Q. Just a few months ago when it launched, Disney Plus made the decision to put some of its content on hold due to racially insensitive content and outdated cultural portrayals and put disclaimers. -responsibility for some of its other content. Are we going to continue to have these same types of discussions every time a new streaming service or channel comes out? Do you think there should be some sort of governing body dictating what the standards should be – or would that be too much censorship?
A. Streaming services are profit-driven, but in general what this moment can do (and we saw it in the 1960s, 1970s and 1990s) is allow governing bodies and corporations to center voice of black and other underrepresented minorities (and more than one person) within the mission and policy-making institutions, and not only have a seat at the table, but drive the agenda . There are many minority media watchdog groups that Hollywood studios consult when developing projects.
There have been governing bodies in the past that have been detrimental. Hollywood developed the Hays Production Code from 1930 to 1968, and the Board of Censors enforced the code which contributed to racial stereotyping and reinforced segregation, xenophobia, norms of sexism and sexuality, and white supremacy in the Film Industry. If the film was not approved, it would not be allowed to be shown in theaters and in some regional theaters black actors and actresses were censored from the film.
After the elimination of the Hays code, another governing body, the Motion Picture Code Association, was created; he determined film ratings based on moral guidelines and often deliberately screened out the voices of blacks and other racial groups. The current rating body is the Classification and Ratings Administration, or CARA, which is an independent group of parents.
Q. In a recent appearance on Bloomberg, you said you asked students in your film classes to compare and contrast “Gone with the Wind” and “Birth of a Nation” with films contemporaries like “12 Years a Slave” and “Django Unchained”. .” Why do you think it’s good exercise, and what were some of the cool takeaways?
A. The mission gives all of us in the class a chance to reflect on the historical and cultural context from the perspective of the film industry, and also from the perspective that we all bring as moviegoers and scholars. The exercise helps us to reflect on our own expectations and biases when watching film, and also to see how storytelling and techniques have evolved.
One of the earliest films we watch is 1967’s ‘In the Heat of the Night’, starring Sidney Poitier and Rod Steiger, as it examines then-contemporary race relations in 1967 and refers to plantation narratives as a story that affects everything the world in 1967. In order to better understand the problems of the 1967 film, you need to think about the contexts of plantation genre films and also ask, “Why don’t we see more films in other time periods that have these moments that allow us to reflect on the ramifications and constant repetition of older images that we carry in our heads? »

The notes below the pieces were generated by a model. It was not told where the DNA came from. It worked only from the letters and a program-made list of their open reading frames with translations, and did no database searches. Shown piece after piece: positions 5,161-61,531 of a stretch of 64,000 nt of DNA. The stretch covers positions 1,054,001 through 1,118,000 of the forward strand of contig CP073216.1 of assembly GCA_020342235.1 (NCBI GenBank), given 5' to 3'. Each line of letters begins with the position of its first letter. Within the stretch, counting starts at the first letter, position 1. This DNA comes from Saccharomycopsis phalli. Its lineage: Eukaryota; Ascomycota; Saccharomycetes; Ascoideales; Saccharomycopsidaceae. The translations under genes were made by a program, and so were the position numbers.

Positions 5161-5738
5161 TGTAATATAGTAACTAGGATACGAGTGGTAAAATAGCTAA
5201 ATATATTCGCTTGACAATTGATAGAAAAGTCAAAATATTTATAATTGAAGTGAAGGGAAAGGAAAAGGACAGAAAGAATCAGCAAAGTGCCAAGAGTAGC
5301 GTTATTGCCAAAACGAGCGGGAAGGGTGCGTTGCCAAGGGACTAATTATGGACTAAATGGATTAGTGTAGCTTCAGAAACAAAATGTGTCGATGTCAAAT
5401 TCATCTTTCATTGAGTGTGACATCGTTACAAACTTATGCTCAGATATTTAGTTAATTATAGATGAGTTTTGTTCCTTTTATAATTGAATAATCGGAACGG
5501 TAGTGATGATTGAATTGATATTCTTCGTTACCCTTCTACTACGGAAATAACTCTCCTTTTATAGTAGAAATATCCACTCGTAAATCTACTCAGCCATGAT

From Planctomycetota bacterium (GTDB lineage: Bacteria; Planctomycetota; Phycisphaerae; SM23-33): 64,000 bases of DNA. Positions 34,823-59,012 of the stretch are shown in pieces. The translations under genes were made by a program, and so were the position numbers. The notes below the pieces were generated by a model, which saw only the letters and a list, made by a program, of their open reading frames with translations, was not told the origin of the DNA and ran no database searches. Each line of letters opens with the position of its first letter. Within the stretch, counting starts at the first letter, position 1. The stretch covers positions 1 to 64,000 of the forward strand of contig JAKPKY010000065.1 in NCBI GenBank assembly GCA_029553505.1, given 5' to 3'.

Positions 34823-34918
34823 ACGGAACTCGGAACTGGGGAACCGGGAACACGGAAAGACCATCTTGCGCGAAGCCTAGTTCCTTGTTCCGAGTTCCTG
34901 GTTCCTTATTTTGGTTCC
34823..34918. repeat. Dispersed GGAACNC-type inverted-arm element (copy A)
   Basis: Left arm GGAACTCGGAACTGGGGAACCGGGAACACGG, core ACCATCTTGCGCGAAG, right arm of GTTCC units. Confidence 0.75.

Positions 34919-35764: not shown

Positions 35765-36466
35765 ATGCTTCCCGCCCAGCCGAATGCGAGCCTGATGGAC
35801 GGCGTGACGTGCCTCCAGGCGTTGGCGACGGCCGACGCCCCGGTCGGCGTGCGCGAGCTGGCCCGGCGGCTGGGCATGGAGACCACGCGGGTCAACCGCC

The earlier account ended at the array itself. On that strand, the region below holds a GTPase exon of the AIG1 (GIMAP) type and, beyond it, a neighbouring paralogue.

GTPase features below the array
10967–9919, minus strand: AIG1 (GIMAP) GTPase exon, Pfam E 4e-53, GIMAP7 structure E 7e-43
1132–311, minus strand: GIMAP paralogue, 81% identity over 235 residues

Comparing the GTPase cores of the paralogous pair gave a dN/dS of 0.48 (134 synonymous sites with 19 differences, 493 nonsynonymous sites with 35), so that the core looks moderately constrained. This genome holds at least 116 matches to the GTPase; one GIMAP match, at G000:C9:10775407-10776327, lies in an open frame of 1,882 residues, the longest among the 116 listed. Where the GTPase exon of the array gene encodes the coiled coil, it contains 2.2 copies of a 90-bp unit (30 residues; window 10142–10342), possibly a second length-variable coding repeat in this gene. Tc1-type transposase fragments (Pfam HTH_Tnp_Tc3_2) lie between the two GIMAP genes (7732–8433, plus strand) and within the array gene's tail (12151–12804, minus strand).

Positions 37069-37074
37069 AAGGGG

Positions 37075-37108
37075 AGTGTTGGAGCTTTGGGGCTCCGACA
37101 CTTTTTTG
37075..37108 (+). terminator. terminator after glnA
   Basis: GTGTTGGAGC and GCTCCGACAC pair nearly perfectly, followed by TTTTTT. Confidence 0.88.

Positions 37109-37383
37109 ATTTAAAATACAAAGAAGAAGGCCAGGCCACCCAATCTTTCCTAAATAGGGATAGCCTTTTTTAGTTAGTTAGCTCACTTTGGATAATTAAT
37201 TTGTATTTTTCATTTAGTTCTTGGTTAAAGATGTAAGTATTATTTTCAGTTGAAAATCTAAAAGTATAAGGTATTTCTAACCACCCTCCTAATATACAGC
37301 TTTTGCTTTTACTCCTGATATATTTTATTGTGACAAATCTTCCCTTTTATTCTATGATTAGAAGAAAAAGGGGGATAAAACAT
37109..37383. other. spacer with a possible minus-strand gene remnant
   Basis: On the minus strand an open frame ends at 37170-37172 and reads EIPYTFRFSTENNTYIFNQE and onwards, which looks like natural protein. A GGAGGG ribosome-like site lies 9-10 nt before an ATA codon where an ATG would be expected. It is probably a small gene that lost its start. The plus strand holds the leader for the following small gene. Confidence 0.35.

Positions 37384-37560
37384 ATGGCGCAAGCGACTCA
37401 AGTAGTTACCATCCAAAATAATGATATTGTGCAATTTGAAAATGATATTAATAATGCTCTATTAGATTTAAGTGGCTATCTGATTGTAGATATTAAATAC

Q. Actress Whoopi Goldberg made the comment that if you start pulling all the insensitive movies, well, the list will get pretty long. Where and how to draw the line? Or do you just not draw a line and hope that the films, with the help of people like you, can be viewed in the right contexts?
A. I think people are always going to come up with “best” and “worst” lists, and it’s all driven by the people who apply the criteria. There are going to be individual opinions and there are going to be organized events. The Oscars have changed their voting structure to ensure that new and especially racially diverse voices can weigh in on the awards. Since 2015’s #OscarsSoWhite event, we’ve seen the number of racially diverse actors, actresses, writers, and directors being nominated for and winning Oscars.
Over the past five years, Spike Lee, Regina King, Mahershala Ali, Korean director Bong Joon-ho and Mexican director Alfonso Cuarón have joined Ang Lee, Guillermo del Toro, Sidney Poitier and Denzel Washington as key voting members of the Academy, but there is still a long way to go. We need to be mindful and start with the questions: “From what perspective are we telling this story, and what might we be missing?”
We are a visual culture and we love stories. What I hope to do is highlight that we need more people of color to tell, write and make these stories because so many voices have been left out or ignored or deemed unprofitable. We need more industries, corporations, universities and federal offices to provide funding and opportunities to promote the arts and humanities by supporting libraries, film festivals and workshops, schools and communities to showcase, value and produce these stories.
Visual storytelling such as art, theater, TV shows, and movies tell all kinds of stories, and there will always be stories that spark conversation. And isn’t that what art and stories are supposed to do? It is a medium that can inspire us to see beyond our experience and change the world.